The congressional Democrats involved in writing the Affordable Care Act told the Supreme Court on Wednesday that they intended for consumers in all states to be eligible for subsidies, and they argue that the law they drafted reflects that intention.
Opponents have challenged the Obama administration’s enforcement of the law, arguing that it only allows subsidies to be paid in states that set up their own exchanges, but not to customers in most of the country who use the federal exchange.
Senate Minority Leader Harry Reid, House Minority Leader Nancy Pelosi and their colleagues disputed that in a new brief filed with the Supreme Court Wednesday, saying to leave out some states would defy the entire reason they passed Obamacare — “to make health insurance affordable for all Americans.”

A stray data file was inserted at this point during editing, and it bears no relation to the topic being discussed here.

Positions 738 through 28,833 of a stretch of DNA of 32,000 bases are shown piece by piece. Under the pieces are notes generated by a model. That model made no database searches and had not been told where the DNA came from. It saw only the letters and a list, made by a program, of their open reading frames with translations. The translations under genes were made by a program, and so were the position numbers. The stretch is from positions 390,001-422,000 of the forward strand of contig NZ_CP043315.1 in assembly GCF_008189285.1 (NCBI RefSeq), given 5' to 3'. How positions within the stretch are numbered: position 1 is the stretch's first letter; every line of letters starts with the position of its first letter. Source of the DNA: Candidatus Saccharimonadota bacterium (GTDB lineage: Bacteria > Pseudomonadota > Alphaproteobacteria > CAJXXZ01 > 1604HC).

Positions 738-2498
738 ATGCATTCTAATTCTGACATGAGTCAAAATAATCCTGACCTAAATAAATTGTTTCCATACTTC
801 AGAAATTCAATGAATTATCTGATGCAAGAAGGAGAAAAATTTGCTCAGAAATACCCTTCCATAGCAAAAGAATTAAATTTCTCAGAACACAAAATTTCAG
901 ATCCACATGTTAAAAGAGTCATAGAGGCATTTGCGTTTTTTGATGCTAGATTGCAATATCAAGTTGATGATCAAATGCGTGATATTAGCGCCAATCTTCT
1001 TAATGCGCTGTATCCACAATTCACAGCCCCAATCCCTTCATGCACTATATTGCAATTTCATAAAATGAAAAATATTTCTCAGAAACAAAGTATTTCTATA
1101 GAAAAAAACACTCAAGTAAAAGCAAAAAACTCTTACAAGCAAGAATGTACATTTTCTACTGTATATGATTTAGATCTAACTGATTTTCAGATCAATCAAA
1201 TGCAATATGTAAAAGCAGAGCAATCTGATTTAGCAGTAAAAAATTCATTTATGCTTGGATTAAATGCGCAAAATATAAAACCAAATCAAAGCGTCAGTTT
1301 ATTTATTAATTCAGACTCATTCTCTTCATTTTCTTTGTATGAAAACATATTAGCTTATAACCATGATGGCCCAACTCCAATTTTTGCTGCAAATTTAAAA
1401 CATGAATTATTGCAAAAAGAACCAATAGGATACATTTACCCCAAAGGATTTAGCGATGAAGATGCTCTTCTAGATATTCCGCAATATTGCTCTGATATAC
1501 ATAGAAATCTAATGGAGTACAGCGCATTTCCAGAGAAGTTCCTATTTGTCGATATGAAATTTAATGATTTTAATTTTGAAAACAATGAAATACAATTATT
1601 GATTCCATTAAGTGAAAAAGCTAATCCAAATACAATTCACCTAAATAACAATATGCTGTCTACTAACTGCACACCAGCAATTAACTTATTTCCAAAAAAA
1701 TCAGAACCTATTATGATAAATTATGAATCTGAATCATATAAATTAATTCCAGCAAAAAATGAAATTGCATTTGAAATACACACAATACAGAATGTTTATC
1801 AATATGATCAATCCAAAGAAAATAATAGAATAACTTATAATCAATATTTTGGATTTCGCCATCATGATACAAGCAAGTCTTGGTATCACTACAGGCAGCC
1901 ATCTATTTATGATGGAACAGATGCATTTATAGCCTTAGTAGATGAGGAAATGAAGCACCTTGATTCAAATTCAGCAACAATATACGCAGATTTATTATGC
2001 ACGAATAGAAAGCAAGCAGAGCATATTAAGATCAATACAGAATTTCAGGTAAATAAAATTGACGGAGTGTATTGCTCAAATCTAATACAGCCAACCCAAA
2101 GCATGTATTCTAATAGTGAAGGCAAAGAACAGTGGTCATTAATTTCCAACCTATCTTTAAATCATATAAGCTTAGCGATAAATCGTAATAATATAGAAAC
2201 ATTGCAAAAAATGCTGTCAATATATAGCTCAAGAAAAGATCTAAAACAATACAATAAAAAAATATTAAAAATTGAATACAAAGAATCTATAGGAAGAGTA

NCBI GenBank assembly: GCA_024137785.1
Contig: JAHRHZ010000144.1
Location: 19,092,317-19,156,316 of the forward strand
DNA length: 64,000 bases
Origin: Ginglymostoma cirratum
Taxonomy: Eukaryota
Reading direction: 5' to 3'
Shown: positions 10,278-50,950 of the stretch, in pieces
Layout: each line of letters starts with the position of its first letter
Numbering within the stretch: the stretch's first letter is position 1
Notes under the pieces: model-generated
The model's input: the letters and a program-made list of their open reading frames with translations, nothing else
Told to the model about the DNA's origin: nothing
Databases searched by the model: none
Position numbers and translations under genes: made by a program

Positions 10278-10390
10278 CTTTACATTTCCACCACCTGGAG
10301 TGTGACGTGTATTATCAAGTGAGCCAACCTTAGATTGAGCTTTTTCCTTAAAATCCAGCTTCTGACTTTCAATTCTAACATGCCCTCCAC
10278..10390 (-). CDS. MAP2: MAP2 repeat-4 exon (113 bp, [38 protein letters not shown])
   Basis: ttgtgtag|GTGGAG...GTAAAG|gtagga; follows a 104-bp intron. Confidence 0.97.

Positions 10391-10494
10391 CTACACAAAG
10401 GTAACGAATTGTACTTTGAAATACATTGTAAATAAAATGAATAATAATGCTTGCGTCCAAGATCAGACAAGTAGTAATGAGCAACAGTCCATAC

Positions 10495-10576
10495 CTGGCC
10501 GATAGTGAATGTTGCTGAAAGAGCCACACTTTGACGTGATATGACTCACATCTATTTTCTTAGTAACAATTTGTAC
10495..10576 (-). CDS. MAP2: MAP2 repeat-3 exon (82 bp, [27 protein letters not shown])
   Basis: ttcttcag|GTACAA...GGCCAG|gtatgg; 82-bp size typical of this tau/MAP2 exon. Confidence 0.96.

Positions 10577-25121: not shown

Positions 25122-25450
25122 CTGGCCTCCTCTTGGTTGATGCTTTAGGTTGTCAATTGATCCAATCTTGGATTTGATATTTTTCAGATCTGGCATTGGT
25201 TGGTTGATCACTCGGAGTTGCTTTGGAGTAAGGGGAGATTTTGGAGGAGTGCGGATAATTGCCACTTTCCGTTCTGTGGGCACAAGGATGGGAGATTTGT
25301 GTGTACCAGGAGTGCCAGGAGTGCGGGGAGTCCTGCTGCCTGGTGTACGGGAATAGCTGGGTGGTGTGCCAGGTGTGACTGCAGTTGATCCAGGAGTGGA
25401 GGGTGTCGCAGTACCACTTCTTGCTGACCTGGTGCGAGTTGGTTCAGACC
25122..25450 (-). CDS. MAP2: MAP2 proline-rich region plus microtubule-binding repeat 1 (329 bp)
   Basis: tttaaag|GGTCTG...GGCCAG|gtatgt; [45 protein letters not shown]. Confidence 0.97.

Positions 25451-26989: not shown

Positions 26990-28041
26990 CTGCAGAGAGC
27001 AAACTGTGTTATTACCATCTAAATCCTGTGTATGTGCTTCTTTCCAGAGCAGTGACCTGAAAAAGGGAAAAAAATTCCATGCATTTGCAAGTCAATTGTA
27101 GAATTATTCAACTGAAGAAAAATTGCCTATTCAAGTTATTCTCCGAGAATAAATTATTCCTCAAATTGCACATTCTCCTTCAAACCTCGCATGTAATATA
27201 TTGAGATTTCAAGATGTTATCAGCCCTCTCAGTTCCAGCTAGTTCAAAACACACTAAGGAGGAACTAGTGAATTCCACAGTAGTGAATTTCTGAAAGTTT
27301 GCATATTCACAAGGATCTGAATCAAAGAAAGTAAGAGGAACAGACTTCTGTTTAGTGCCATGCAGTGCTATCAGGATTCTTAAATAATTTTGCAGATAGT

The court case rests on language in the law that says subsidies will be paid to those in exchanges “established by the state.”
Mr. Obama’s opponents say that means the federal exchange, which covers the two-thirds of states that refused to set up their own exchanges, are not eligible. The opponents, pointing to comments from some Obamacare defenders, say Congress had intended to use the subsidies as a way to entice states to set up exchanges, rather than leave the job to federal officials.
But the Democratic lawmakers who wrote and passed the law called that argument “so weak” and say they never meant to draw that kind of distinction, saying the law grants subsidies to “applicable taxpayers” and defines them by income, not by geography.
Hey, I know — let’s ask an expert!
Jonathan Who? Never heard of him.